To me, the “yoga” in that sentence is “inner strength.” The actual practice of yoga helps with breathing and concentration which certainly help in stressful situations. I also think the well from which we draw in moments of crisis is our confidence– our internal power to stay calm to find a way. 

The problem and solution is on me — I like it that way.

I like video editing because I am usually the last line of de-mess. If I eff up then it is on me to put in the extra effort to fix it – usually solo.

Say a camera guy didn’t white balance or did crazy-crop a shot, then it falls to me to try to correct. Or take an audio guy who neglected to get room tone or even a PA who failed to release properly… those things could take hours if not days to rework or fix — and not by the people who created the mess in the first place.

Look, we are all human and shit happens. I get that (my own strong of failures illustrates this). I don’t think there are many out there that want to be an eff-up but I am the type that wants to be the savior and not the goat.

If I make a dumb mistake costing hours? It falls on my shoulders to get it done. It is usually reparable within the confines of the edit and are my hours to spend. Circumstances I like and can deal with.

My lapses falling on others to fill is uncomfortable bordering on painful.

They haunt me.

On a recent freelance project, an application crash at the worst possible moment sent me and 5 other people into a mad scramble. I didn’t do anything stupid like moving and deleting files willy-nilly, but I did underestimate timing, unnecessarily squeezing the deadline and I didn’t follow “backup plan” protocol so that, well, there wasn’t any. I hated every moment of this meltdown especially because it stressed so many others.

I stayed calm, did everything I could do, and with the help of an awesome crew, we got something to screen. It was far from perfect but it wasn’t an utter, complete failure. But it left’s indeleble mark on my confidence.

Walk away and learn.


Unscheduled Maitenence

My personal “check engine” light has been glaring at me for the last weeks. I look at the date and think “Where did January go?!” I have been busy, yes, but certainly not so much that I could miss an entire month passing by.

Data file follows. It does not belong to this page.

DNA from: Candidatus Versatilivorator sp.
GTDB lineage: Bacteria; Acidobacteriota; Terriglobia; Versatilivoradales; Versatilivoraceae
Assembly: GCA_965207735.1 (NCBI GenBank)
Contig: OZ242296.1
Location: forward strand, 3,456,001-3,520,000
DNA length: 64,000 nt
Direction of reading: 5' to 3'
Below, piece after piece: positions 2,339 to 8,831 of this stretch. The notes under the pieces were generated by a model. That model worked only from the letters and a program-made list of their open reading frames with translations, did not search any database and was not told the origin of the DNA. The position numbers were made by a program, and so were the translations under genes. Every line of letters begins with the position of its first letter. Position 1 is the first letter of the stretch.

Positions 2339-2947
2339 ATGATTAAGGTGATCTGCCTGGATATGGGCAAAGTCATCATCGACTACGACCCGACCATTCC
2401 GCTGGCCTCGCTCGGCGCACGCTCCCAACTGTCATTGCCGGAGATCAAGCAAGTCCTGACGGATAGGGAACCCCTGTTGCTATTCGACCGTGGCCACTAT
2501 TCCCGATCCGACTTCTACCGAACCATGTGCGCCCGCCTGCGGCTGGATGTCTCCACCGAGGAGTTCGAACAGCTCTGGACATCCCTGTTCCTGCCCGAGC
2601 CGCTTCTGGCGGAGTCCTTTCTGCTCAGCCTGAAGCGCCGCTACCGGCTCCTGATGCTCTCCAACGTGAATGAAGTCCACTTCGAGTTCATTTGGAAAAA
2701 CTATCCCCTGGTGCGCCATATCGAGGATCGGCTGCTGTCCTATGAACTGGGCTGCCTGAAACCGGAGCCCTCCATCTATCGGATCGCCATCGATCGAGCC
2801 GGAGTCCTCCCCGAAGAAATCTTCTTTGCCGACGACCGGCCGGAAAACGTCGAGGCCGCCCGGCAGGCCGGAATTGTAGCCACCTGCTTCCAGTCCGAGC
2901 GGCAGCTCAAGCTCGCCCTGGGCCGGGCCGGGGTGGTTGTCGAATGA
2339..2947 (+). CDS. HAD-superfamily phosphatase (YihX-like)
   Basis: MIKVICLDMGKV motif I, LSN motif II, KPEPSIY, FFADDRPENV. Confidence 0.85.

Somehow I thought that life would find this magical place where the hourglass would even out and I would have time. Yet alas, no. Not yet.

Bug in SnowLooking at my posts for the last year and taking stock, it seems this is rather a continuous problem for me. Whirlwinds of adventure mean that time goes quickly. It is a reminder to appreciate moments but also that maybe I should finally take stock and figure out a bigger chunk of what I am doing. Hello Adult-Type World, I guess I am in you now.

In addition to figuring out my big-girl-pants next life steps, I’ve been in the process of trying to come to terms with this blog. See, at the end of December I broke my steak of blog posts. Once I missed one, I missed many. It is sad to say that a habit can so easily fall apart.

Instead of wallowing, however, I’m pushing myself to get the thing done and, imperfect as it will seem to me as soon as I hit publish, I will ship this today… or at least “today” Eastern Standard Time. Sounds like a rather inauspicious beginning but such has been the journey to this point and so at least that wild streak will continue.

The Tune Up

The conclusion that I have come to, my dear reader, is that Wednesdays don’t work for me. It isn’t anything that they did, you see, it is just me. I’ve changed. I’m not breaking up with them entirely though, I hope we are going to remain friends.

[Read more...]

Broken Chain

There are times when the pieces fit securely into place and all seems to flow in a great, expanding, steadfast and sturdy row. This, my friends and my dear self, is not one of those times.

I can hardly type 3 words without going back and editing. Misspellings abound. My writing seems jerky, careless and rushed. 

Mirrors in VeniceThere is a metaphor there.

I go out to get some needed fresh air and quite literally smack into life in all its awkward weirdness. The seconds tick and all I want is silence to coalesce the seeping, dripping globs into meaningful forms. Yet I am trapped into a silly cycle going nowhere fast. I feel the pull of my reaching mind against the dictates of expectations and niceties which supposedly grease the cosmic wheels.

Life seems scattered.

The links in my day all ajumble with knots and tangles collapsing in on themselves. Excited energy feels more like tension. The twisted snarls are taught and vibrating.

Collapse seems imminent. But there is no time for that indulgence.

[Read more...]

Traveling to Terezin

My knowledge of history is lacking in big places. Facts and dates, names of places even, sift through my sieve brain. When it came to World War II and the holocaust – the “final solution” – I was notably deficient in perspective.

With a few days back in Prague, I signed up for a tour of Terezin. The Nazi “gift of a town” it was a neighborhood turned ghetto-concentration-camp-holding-pen of disease, death and misery… and art.

Lasting Testaments [Read more...]